The ongoing task of moving the Porter County Animal Shelter to a larger,
more accessible location may take off as the County Board of Commissioners
announced its intentions to approach the Porter County Parks Foundation
requesting that it consider donating a block of land at Sunset Hill Farm
County Park to build a new shelter.
Commissioner President John Evans, R-North, said the Commissioners have been
looking at possible locations for a new shelter and after discussing the
matter with different groups and individuals, many agreed the best place to
put it was in the middle of the county where it would be easier for people
“The bulk of people we talked to agree the shelter should be centrally
located in Porter County,” said Evans.
Sunset Hill Farm, the county’s largest and oldest park, sits on 235 acres on
the southeast corner of U.S. 6 and Meridian Rd., in Liberty Twp. The current
Shelter is at 2056 N. 50 W. a mile south of Valparaiso near Ind. 2.
Evans said the Commissioners wish to speak with the Porter County Parks
Foundation at the Foundation’s next meeting and also with Rich Hudson,
president of the County Parks and Recreation Board. The park board is
separate from the Foundation, a non-profit organization which helps collect
donations for the parks department.
While most of the Sunset Hill Farm property is under the ownership of the
County Parks and Recreation board, the Parks Foundation still retains a
15-acre parcel in the park’s northwest corner, where Meridian and U.S. 6
County Commissioner Laura Shurr Blaney, D-South, said she believes it to be
a good location since that intersection sees large amounts of traffic. The
new shelter would be built on 3-4 acres, she estimated.
Hudson, who sat in the audience during the meeting, said he does not belong
to the Foundation but fellow park board member Ruth Jarnecke has membership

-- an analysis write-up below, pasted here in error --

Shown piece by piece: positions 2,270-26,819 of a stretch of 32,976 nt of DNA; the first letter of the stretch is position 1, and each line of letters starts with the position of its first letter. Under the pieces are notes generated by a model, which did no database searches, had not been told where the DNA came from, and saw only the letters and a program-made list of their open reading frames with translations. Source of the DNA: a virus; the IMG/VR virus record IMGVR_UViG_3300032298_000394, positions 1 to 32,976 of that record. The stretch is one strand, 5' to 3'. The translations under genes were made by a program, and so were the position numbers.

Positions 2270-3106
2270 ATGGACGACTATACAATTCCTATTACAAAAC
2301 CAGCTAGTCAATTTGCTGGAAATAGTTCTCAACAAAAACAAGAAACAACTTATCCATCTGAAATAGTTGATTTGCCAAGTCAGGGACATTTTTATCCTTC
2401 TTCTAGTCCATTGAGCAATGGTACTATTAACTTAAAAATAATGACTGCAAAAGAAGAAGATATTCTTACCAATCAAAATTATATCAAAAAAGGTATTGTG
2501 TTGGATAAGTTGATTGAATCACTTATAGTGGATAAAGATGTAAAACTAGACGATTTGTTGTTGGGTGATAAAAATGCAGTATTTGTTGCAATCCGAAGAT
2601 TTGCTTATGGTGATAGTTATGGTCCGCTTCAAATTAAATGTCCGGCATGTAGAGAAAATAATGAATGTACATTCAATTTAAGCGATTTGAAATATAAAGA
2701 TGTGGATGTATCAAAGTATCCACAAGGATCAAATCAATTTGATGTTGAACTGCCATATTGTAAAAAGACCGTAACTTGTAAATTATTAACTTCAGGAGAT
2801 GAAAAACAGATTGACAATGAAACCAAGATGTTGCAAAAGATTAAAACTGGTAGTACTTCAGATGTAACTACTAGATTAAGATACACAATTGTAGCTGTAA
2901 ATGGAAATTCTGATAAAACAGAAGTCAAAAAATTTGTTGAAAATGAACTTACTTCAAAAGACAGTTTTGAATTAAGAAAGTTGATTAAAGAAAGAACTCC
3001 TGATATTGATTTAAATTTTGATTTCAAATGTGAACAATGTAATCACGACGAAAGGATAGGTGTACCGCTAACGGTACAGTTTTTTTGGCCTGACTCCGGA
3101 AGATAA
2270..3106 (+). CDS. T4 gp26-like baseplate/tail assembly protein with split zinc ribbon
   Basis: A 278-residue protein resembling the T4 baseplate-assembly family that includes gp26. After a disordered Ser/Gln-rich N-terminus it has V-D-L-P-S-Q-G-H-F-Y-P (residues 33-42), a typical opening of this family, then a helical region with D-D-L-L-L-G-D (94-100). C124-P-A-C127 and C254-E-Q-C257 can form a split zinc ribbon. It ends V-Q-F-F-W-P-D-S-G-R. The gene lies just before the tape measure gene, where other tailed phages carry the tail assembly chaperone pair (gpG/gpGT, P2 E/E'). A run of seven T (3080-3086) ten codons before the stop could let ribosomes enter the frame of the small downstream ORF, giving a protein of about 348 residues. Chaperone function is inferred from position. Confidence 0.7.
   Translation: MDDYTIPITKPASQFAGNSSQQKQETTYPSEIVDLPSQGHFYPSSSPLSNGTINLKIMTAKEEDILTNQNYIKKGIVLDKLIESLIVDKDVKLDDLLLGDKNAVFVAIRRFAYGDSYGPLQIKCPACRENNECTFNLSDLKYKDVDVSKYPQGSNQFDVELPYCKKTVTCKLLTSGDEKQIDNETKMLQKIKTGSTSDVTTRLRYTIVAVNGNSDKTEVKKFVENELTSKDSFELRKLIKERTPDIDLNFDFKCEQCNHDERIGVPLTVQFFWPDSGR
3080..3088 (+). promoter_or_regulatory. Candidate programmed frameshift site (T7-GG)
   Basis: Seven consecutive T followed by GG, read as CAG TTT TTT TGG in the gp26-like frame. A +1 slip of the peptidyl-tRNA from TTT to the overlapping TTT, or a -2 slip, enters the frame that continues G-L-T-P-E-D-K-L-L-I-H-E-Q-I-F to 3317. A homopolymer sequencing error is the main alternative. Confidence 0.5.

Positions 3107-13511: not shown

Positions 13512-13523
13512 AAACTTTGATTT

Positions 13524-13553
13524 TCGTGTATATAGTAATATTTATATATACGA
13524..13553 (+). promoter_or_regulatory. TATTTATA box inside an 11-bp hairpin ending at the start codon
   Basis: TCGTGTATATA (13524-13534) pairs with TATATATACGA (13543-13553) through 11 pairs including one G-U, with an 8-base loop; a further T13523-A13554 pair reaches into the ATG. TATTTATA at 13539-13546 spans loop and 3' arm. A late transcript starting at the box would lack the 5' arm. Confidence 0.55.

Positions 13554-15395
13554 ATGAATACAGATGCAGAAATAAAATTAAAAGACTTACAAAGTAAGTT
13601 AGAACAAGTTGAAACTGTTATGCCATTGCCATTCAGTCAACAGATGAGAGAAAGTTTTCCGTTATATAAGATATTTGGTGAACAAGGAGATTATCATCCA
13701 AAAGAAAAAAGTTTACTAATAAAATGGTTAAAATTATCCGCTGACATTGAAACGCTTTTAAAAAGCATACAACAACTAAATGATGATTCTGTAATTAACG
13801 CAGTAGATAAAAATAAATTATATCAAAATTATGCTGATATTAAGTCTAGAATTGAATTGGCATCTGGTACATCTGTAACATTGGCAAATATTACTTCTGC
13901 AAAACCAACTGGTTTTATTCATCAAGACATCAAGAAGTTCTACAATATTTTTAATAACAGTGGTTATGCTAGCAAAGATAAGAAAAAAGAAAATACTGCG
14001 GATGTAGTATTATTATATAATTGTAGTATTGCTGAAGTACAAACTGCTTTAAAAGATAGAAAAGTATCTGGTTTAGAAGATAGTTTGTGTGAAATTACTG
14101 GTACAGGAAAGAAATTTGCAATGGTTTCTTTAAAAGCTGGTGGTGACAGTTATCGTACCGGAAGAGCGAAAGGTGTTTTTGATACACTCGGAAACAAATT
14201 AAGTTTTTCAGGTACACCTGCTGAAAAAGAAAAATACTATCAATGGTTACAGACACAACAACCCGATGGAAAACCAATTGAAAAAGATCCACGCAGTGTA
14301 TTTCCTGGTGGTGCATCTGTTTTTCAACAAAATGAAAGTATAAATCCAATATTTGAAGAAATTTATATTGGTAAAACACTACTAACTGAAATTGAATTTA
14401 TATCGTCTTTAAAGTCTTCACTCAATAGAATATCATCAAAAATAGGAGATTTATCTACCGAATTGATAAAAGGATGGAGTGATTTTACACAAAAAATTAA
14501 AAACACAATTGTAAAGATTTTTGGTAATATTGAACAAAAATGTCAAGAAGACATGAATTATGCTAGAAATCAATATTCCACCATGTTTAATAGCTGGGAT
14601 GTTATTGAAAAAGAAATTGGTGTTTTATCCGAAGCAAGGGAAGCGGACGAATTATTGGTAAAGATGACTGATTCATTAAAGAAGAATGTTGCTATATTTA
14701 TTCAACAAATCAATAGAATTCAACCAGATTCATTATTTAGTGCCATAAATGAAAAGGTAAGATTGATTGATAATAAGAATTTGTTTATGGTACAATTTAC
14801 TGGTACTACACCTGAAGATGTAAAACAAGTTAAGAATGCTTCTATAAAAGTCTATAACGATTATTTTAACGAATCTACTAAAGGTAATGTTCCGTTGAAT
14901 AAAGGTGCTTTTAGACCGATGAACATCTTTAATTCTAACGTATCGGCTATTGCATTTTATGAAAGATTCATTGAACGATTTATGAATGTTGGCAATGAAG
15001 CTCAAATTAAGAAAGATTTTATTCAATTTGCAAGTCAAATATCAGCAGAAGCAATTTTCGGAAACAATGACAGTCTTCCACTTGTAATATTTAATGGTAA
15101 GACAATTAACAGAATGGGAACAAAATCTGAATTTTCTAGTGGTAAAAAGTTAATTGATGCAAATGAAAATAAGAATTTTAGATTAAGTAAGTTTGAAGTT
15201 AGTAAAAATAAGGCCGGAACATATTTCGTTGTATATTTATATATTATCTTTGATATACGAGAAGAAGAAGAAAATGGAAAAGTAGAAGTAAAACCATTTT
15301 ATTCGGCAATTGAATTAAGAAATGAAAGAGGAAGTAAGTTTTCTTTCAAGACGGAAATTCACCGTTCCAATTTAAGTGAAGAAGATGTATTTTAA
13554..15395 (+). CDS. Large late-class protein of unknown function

and serves as the park board’s liaison to the Foundation. He suggested the
Commissioners attend the next park board meeting on Sept. 5 “to get things
rolling” with the Foundation.
Speaking as president of the park board, Hudson said he believes relocating
the shelter to Sunset Hill Farm has potential to benefit the parks by
attracting more users.
“I don’t know what others would think but to me it seems like a good fit,”
he told the Chesterton Tribune.
The presence of the new animal shelter could fuel plans for new amenities at
Sunset Hill Farm and the Raise the Barn activity center, Hudson added.
For a while, the Commissioners had considered building the new shelter on a
five-acre parcel owned by the County at the intersection of Ind. 130 and
Ind. 149, anticipating a public/private partnership with Lakeshore PAWS pet
Lakeshore PAWS dropped out earlier this year to move in a different
direction and the Commissioners have since taken the project on.
In April, Evans said he planned to talk to the County Council about
allocating $1.5 million in hospital interest funds toward a new shelter but
the Council has not yet voted on the matter.
Blaney said an anonymous donor is still willing to put forth a significant
contribution towards the construction.